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Industry News: B&N opposes Apple suit, BEA news roundup, Amazon buys Avalon, IPG offers DRM-free option

June 9, 2012

Surprise! Barnes and Noble Opposes DOJ Lawsuit

Although Barnes and Noble wasn’t named in the Department of Justice lawsuit against Apple and five of the big six publishers, it doesn’t like the lawsuit. According to a Federal Court filing, B&N has said that the lawsuit would injure bookstores and writers. In an interview quoted in the LA Times, B&N general counsel Gene De Felice said, “”Their attack on publishers, small business and free commercial relationships is really unprecedented.” B&N is concerned about the lawsuit because it would help Amazon, which is B&N’s top rival in e-reader, print book, and e-book sales. A move away from agency pricing would allow Amazon to return to taking losses on sales. Amazon an absorb the losses in its overall business model. B&N would struggle to remain competitive.

This year’s BEA must less somber than previous years

A couple years ago, people walked into BookExpo America (BEA) and thought they’d found the funeral they were looking for (not really). This year, no such mistake could be made. Among the noticeable trends apparent this year were a decrease in print copies for adult fiction, but an increase in picture books and young adult books–both genres where print books strongly outnumber e-books. Overall, CBS News reported that the mood at BEA was positive, as many figured the industry was healthier than they figured it might be. Attendance  at this year’s event was up 5% for retailers, book sellers, and librarians, and 1% overall. How the total attendance figure was arrived at was a mystery, as this was the first year the public could attend.

Other BEA-related stories

Amazon buys Avalon Publishing, 3000 titles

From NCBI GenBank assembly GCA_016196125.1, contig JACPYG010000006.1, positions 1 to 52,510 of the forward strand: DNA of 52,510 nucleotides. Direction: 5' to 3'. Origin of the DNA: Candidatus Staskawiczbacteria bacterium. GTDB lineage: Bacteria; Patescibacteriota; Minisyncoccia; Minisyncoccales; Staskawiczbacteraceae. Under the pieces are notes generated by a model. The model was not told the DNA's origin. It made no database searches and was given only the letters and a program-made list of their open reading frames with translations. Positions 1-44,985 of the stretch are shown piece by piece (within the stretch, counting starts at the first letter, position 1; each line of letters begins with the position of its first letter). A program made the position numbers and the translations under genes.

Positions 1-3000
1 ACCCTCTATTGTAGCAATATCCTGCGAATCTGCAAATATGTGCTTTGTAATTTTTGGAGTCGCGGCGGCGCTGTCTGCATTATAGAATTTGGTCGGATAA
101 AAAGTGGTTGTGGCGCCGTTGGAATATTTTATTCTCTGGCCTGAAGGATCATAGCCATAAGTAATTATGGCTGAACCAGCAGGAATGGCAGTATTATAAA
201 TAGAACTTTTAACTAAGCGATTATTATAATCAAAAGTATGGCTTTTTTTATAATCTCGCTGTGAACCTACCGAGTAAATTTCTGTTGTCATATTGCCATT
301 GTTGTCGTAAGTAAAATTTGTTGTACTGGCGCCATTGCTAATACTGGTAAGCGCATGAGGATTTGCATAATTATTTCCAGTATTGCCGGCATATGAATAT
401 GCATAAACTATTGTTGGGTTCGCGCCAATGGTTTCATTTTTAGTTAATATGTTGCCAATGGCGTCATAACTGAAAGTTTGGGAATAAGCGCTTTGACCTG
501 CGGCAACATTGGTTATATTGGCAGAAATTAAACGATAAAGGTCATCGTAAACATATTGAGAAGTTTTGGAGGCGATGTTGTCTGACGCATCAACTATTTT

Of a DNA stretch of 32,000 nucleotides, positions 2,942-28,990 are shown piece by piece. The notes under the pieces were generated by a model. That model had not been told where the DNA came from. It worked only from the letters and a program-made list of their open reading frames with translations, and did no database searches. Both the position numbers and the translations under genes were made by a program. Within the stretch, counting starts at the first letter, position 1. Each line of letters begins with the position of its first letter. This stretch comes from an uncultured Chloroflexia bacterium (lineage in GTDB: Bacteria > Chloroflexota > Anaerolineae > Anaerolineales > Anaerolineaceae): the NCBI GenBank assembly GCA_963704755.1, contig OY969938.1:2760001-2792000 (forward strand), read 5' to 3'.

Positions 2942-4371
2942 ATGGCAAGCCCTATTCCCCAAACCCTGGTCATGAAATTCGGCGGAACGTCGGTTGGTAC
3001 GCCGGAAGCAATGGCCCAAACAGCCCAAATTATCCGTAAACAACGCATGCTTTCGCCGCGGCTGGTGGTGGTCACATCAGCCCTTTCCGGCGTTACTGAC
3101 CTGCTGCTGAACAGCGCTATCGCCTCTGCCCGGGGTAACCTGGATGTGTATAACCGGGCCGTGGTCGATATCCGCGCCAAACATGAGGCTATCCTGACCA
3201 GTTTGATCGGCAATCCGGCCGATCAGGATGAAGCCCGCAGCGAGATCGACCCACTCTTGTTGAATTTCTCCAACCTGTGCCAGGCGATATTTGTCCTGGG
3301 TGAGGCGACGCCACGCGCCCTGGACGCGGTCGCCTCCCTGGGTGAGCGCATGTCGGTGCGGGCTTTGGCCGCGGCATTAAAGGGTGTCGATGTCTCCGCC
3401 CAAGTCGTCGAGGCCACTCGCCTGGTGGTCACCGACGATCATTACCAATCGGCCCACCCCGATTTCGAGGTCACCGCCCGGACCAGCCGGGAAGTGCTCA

Amazon has continued to increase its publishing footprint, this week purchasing Avalon Publishing and about 3000 titles. In a publishing world where sex, booze, and violence sells, Avalon is counter-cultural. It does not allow explicit sex, most vulgarity, and even eschews heavy drinking.

IPG offers DRM-free option

Fresh off its settlement with Amazon, the Independent Publishers Group (IPG) took a major step this week in offering a DRM-free option for its publishers. At least four publishers, ECW Press, Chicago Review Press, Medallion Press and Triumph Books, have already signed onto this format. Science Fiction and Fantasy publisher Tor/Forge and technology publisher O’Reilly eBooks already offer DRM-free offering. DRM is software that limits the number of copies of e-books you can create based on a single file.  Among other things, DRM prevents you from loading a copy on a server and letting anyone who can access it download it for free.

  1. June 9, 2012 11:05 am

    Chris: Thank you for all of your industry trends information. Your blog provides me an insight that I value. As a writer I understand how important it is to remain up to date with the evolving state of the book world.

    • Chris Hamilton permalink
      June 10, 2012 8:34 am

      Thanks for the nice words!

  2. June 10, 2012 9:01 am

    I attended BEA again this year in my publisher’s booth. My publisher had a neat idea to generate traffic in the booth that worked well–they filmed short interviews with authors and industry folks for a possible upcoming documentary. If anyone is interested, I have a few reports on my blog:

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